Great Barrier Island local Lisa Davenport uses airtime during her weekly Friday morning Aotea FM radio show to help raise awareness about melanoma.
Like so many other New Zealanders, melanoma runs in Lisa’s family. She lost her uncle last year from the disease, and she, her mother, and her daughter have all had melanomas removed.
After her mother had melanoma, Lisa became extra conscious of checking her skin and other people’s skin too. When she noticed a spot on her daughter’s neck, she encouraged her to go to the doctor, where a biopsy confirmed it was melanoma.
She said the family was shocked because, unlike Lisa and her mother, her daughter never spent time in the sun.
Lisa’s diagnosis two years ago came after having three biopsies done at her local GP. One showed she had melanoma. She travelled to Auckland to have it surgically removed. Fortunately, because it was small and caught early, no further treatment was needed.
Now, Lisa always uses sunscreen, covers herself with clothing and stays out of the sun during the peak hours of the day.
“I keep an eye on my freckles and any new spots and talk to the doctor if I’m concerned about anything. My doctor also recommended going to a skin specialist every year for a thorough check-up, which I do.”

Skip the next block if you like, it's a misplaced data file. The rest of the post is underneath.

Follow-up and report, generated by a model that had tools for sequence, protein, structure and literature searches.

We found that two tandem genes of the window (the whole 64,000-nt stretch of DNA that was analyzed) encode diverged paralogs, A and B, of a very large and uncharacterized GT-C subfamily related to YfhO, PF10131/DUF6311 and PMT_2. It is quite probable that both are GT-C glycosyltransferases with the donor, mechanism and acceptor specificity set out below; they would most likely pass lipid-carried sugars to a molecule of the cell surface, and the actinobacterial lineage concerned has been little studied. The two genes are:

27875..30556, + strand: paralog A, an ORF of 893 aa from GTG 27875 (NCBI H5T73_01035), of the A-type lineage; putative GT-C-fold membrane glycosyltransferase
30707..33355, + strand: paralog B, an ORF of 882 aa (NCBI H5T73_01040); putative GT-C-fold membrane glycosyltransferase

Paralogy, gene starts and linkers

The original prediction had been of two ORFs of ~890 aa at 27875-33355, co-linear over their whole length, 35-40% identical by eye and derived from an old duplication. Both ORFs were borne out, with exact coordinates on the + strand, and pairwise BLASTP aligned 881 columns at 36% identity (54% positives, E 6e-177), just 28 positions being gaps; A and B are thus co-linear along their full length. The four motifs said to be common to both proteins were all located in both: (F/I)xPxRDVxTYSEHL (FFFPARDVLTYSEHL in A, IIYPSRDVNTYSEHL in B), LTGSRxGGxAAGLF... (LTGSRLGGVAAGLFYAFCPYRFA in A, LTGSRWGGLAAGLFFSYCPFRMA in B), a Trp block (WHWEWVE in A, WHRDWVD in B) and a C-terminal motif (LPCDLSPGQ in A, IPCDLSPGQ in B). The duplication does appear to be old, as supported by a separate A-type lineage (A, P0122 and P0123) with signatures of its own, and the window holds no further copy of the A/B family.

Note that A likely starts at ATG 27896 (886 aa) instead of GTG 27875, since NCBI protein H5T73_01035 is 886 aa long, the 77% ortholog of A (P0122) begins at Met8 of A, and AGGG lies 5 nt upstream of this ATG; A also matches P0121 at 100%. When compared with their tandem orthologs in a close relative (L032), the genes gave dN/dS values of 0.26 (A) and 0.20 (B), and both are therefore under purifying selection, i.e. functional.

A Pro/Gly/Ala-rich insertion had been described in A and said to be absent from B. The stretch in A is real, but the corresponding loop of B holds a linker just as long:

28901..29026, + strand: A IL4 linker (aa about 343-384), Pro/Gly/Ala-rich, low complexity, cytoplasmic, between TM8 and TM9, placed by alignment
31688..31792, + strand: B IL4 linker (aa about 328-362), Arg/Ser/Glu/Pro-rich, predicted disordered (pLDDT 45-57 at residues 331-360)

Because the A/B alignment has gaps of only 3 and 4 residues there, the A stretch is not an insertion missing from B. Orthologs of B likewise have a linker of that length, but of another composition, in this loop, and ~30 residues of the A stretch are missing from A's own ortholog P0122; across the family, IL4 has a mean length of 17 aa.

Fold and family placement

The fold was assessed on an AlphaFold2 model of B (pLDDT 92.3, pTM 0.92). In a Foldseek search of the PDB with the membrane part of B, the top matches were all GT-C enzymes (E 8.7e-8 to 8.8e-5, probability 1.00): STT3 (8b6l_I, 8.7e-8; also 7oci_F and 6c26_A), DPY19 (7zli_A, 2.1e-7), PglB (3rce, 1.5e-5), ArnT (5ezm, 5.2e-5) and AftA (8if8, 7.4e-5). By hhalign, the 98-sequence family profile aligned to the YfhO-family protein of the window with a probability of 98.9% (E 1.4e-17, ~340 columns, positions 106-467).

Lisa joined the Melanoma Support “Melahomies United” Facebook group, which she said can be, at times, quite sad but also humorous and incredibly supportive to those people going through tough times.
There is another support group, Melanoma Support New Zealand, which is an excellent place for melanoma patients and their family members to share their experiences and navigate their journey with others going through similar experiences.
Lisa said her radio audience constantly gets a rev-up about their sun exposure and listeners are encouraged to check their skin. She uses examples like Bob Marley dying of melanoma to point out that it can happen to anyone, no matter what colour your skin is.
When our team visited Great Barrier Island in April, thanks to a grant from the Great Barrier Community Organisations Grants Scheme, word spread fast, and our nurse was fully booked.